On November 4, 2015, the Supreme Court heard oral argument in Shapiro v. McManus. In this case several Maryland citizens sued state election officials claiming that a 2011 redistricting plan violated their rights to political association and equal representation under the First and Fourteenth Amendments. Although federal law normally requires such claims to be heard by a three-judge federal court, a single judge dismissed the suit for failure to state a claim, and the U.S. Court of Appeals for the Fourth Circuit affirmed.
The question before the Supreme Court is whether a single-judge federal district court may determine that a claim governed by the Three-Judge Court Act is insubstantial, and that three judges therefore are not required--not because it concludes that the complaint is wholly frivolous, but because it concludes that the complaint fails to state a claim under Federal Rule of Civil Procedure 12(b)(6).
To discuss the case, we have Michael T. Morley, who is Assistant Professor at Barry University School of Law.
On October 5, 2015, the Supreme Court heard oral argument in OBB Personenverkehr AG v. Sachs. This case involves a dispute regarding whether federal courts have jurisdiction over a lawsuit brought by Carol Sachs against OBB Personenverkher--the Austrian national railroad--when her legs were crushed by a train in Austria while she was using a Eurail Pass that she had purchased in the United States.
The question before the Supreme Court is twofold: (1) whether common law principles of agency apply in determining whether an entity is an “agent” of a foreign state under the Foreign Sovereign Immunities Act of 1976 (FSIA); and (2) whether, under the first clause of the commercial activity exception of the FSIA, a tort claim for personal injuries suffered in connection with travel outside of the United States is “based upon” the allegedly tortious conduct occurring outside of the United States, or the preceding sale of the ticket in the United States for the travel entirely outside the United States.
To discuss the case, we have Edwin D. Williamson, who is Of Counsel at Sullivan & Cromwell LLP.
On November 9, 2015, the Supreme Court decided Mullenix v. Luna without oral argument. The question in this case was whether a police officer who shot at the car of a fleeing and purportedly armed suspect, killing him in the process, was entitled to qualified immunity from suit. The Fifth Circuit had affirmed the lower court’s denial of qualified immunity to the officer.
By a vote of 8-1 the Supreme Court reversed that determination, holding that the officer was entitled to qualified immunity because existing Supreme Court precedent did not place the conclusion that the officer acted unreasonably “beyond debate.”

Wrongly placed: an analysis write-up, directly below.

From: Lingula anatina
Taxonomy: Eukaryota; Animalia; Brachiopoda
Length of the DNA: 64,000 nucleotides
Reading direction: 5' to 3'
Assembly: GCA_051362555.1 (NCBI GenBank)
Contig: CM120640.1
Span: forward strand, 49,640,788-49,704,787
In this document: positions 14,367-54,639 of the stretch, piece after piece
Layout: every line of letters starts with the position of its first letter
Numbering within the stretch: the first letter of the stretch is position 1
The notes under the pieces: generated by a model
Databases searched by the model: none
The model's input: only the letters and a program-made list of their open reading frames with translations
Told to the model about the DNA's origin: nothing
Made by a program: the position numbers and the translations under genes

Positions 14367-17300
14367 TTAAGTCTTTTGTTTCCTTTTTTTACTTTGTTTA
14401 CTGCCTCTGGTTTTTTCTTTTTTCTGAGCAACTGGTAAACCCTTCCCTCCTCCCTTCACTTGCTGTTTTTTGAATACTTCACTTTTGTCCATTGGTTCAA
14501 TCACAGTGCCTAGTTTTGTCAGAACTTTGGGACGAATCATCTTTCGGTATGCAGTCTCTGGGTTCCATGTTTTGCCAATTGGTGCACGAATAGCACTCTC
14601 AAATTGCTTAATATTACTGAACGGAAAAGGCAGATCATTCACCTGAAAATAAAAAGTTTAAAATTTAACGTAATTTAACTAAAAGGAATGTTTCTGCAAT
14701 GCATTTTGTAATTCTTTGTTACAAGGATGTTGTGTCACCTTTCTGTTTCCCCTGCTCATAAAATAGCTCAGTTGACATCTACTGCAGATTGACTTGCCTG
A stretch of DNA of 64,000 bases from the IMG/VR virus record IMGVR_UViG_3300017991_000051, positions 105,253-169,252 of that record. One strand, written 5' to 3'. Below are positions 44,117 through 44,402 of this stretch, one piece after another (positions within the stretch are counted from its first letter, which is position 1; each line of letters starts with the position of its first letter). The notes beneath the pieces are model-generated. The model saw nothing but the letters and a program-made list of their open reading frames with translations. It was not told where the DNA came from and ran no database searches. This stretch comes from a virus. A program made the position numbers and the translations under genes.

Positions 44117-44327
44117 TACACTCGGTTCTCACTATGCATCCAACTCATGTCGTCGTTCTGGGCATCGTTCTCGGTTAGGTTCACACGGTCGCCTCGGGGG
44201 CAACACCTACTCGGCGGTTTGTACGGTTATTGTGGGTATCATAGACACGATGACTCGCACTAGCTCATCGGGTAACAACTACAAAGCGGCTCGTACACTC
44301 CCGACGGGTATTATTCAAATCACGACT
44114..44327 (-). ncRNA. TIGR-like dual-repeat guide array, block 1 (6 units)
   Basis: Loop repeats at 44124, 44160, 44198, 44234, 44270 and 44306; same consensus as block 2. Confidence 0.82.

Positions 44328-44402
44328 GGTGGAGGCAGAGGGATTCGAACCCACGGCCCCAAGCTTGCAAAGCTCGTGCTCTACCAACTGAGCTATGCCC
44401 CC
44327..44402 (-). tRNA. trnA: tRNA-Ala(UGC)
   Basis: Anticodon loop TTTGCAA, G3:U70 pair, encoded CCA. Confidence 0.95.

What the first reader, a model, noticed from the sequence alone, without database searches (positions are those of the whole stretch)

The opinion of the Court was issued per curiam. Justice Scalia filed a concurring opinion. Justice Sotomayor filed a dissenting opinion.
To discuss the case, we have Joshua A. Skinner, who is an Attorney at Fanning Harper Martinson Brandt & Kutchin, P.C., in Dallas, Texas.
On October 14, 2015, the Supreme Court heard oral argument in Campbell-Ewald Company v. Gomez.
This case concerns a complaint by Jose Gomez that Campbell-Ewald Company, a marketing consultant for the U.S. Navy, allowed a third-party vendor to send him unsolicited text messages in violation of the Telephone Consumer Protection Act.
Three questions are before the Court. The first is whether a case becomes moot when a plaintiff receives an offer of complete relief on his claim, and the second is whether the answer to that changes if the plaintiff is attempting to bring a class action. The third question is whether the doctrine of derivative sovereign immunity for government contractors is limited to claims arising out of property damage caused by public works projects.
To discuss the case, we have Mark Chenoweth, who is General Counsel at Washington Legal Foundation.
On October 14, 2015, the Supreme Court heard oral argument in Federal Energy Regulatory Commission v. Electric Power Supply Association and EnerNOC v. Electric Power Supply Association.
These consolidated cases involve the efforts of the Federal Energy Regulatory Commission (FERC) to specify the methodology that operators in the wholesale electricity market use when compensating users for a commitment to reduce their consumption at particular times, a phenomenon known as “demand response.” The U.S. Court of Appeals for the D.C. Circuit determined that FERC lacked statutory authority to impose such a methodology. The Supreme Court agreed to consider the following two questions:
(1) Whether FERC reasonably concluded that it has authority under the Federal Power Act to regulate the rules used by operators of wholesale electricity markets to pay for reductions in electricity consumption and to recoup those payments through adjustments to wholesale rates; and (2) Whether the D.C. Circuit erred in holding that the rule issued by FERC is arbitrary and capricious.
Justice Alito appears to be recused from this case.
To discuss the case, we have James Coleman, who is assistant professor at the University of Calgary, Faculty of Law and Haskayne School of Business.